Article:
One of the key components of caregiving addresses important needs of aging adults called activities of daily living (or ADL’s).  These activities include those many of us take for granted like eating, dressing and going to the bathroom.  If any of you are dealing with an aging family member today, you know that even the most basic activities become a struggle for some.  It’s the caregiver’s job to understand how to help in the best way possible.

The term “activities of daily living,” or ADLs, refers to the basic tasks of everyday life, such as eating, bathing, dressing, toileting, and transferring. When people are unable to perform these activities, they need help in order to cope, either from other human beings or mechanical devices or both. – The US Department of Health and Human Services

The video we’re sharing (below) offers some great guidance on how best to bathe and dress someone that requires assistance.  This is chapter 4 in what the Family Caregiver Alliance is calling their “Caregiver College Video Series”.  It’s titled “Bathing and Dressing”.  This video also includes five very important points to remember when bathing and dressing an aging parent:

  1. Don’t Rush
  2. Make it Safe
  3. Allow Independence
  4. Talk It Through
  5. Show and Tell

 Bathing and Dressing Techniques For The Caregiver

New Test For Alzheimers Shows Promise

Skin test for Alzheimers DiseaseToday, there is no single test used to diagnose Alzheimer’s Disease but that may be changing soon.  A new study is being touted ahead of its release at the annual meeting of the American Academy of Neurology (AAN) in April. This study indicates that a new skin test for Alzheimer’s Disease is showing a good deal of promise. The study indicates that skin biopsies can be used to detect elevated levels of (abnormal) proteins found in people with Alzheimer’s Disease and Parkinson’s Disease.

Alzheimer’s disease is ranked as the sixth leading cause of death in the United States, and 5.4 million Americans are currently diagnosed with Alzheimer’s disease. Parkinson’s disease affects one million Americans, with at least 60,000 new cases reported annually each year. – AAN.com

The American Academy of Neurology reports:  “Until now, pathological confirmation was not possible without a brain biopsy, so these diseases often go unrecognized until after the disease has progressed,” said study author Ildefonso Rodriguez-Leyva, MD, at Central Hospital at the University of San Luis Potosi in San Luis Potosi, Mexico. “We hypothesized that since skin has the same origin as brain tissue while in the embryo that they might also show the same abnormal proteins. This new test offers a potential biomarker that may allow doctors to identify and diagnose these diseases earlier on.”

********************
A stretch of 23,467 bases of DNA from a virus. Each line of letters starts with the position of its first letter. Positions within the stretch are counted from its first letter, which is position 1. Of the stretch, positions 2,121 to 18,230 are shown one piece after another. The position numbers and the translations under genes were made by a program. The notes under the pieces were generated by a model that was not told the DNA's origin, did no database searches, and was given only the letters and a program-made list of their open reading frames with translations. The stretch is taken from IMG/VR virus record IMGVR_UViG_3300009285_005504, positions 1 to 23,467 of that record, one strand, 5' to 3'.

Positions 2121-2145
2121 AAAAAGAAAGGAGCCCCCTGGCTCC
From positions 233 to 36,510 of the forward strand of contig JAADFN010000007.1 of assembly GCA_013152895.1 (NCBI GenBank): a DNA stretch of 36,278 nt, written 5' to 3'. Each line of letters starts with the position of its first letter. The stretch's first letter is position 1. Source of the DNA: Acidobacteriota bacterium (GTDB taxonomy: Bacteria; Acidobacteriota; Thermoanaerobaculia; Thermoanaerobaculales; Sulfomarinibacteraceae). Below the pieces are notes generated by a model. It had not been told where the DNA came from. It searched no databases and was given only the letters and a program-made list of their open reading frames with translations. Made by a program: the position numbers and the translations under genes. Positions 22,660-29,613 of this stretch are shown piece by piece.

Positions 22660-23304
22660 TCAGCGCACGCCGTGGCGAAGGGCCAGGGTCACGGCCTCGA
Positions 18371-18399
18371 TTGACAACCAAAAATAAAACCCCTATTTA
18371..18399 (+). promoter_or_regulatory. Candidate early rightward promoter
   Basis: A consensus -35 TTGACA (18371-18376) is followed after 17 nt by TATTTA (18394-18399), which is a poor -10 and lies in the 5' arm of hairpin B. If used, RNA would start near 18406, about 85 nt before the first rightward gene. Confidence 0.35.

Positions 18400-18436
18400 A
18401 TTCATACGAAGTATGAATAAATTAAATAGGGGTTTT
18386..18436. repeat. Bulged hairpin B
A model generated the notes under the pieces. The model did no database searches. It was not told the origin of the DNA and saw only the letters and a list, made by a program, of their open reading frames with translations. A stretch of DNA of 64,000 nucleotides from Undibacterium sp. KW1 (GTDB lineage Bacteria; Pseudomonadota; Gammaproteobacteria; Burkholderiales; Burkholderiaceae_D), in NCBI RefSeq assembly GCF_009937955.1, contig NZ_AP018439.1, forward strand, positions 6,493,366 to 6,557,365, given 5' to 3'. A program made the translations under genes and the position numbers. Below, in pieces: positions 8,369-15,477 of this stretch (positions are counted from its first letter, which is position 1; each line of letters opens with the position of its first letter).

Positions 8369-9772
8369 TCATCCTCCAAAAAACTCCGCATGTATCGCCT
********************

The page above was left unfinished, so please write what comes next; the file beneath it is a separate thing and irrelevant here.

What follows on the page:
The results were very encouraging.  A comparison of healthy patients (and those with dementia caused by other conditions), to patients with both Alzheimer’s and Parkinson’s showed that the latter group had seven times higher levels of the tau protein. People with Parkinson’s also had an eight times higher level of alpha-synuclein protein than the healthy control group.  Researchers noted that their results need further study.

Alzheimer’s is the most common form of dementia, a general term for memory loss and other intellectual abilities serious enough to interfere with daily life. Alzheimer’s disease accounts for 60 to 80 percent of dementia cases. – Alzheimer’s Association

For people with a family history of Alzheimer’s or Parkinson’s Disease, this is welcome news indeed. A definitive diagnosis by way of a skin test is far more reasonable than methods used today. These new study results could open the door up to completely new dimensions of understanding, and a path that one day leads to a cure for these debilitating conditions.

Sleep Problems And Dementia

Sleep Problems and Dementia RiskDid you know that this week is “Sleep Awareness Week“?  Sleep awareness week starts March 2nd and ends on the 8th with daylight savings time, when we all spring forward.  Here’s what The National Sleep Foundation says about Sleep Awareness Week:  “Sleep Awareness Week is an annual public education and awareness campaign to promote the importance of sleep. The week begins with the announcement of the National Sleep Foundation’s Sleep in America poll results and ends with the clock change to Daylight Saving Time, where Americans lose one hour of sleep.

Sleep Deprivation and Dementia Risk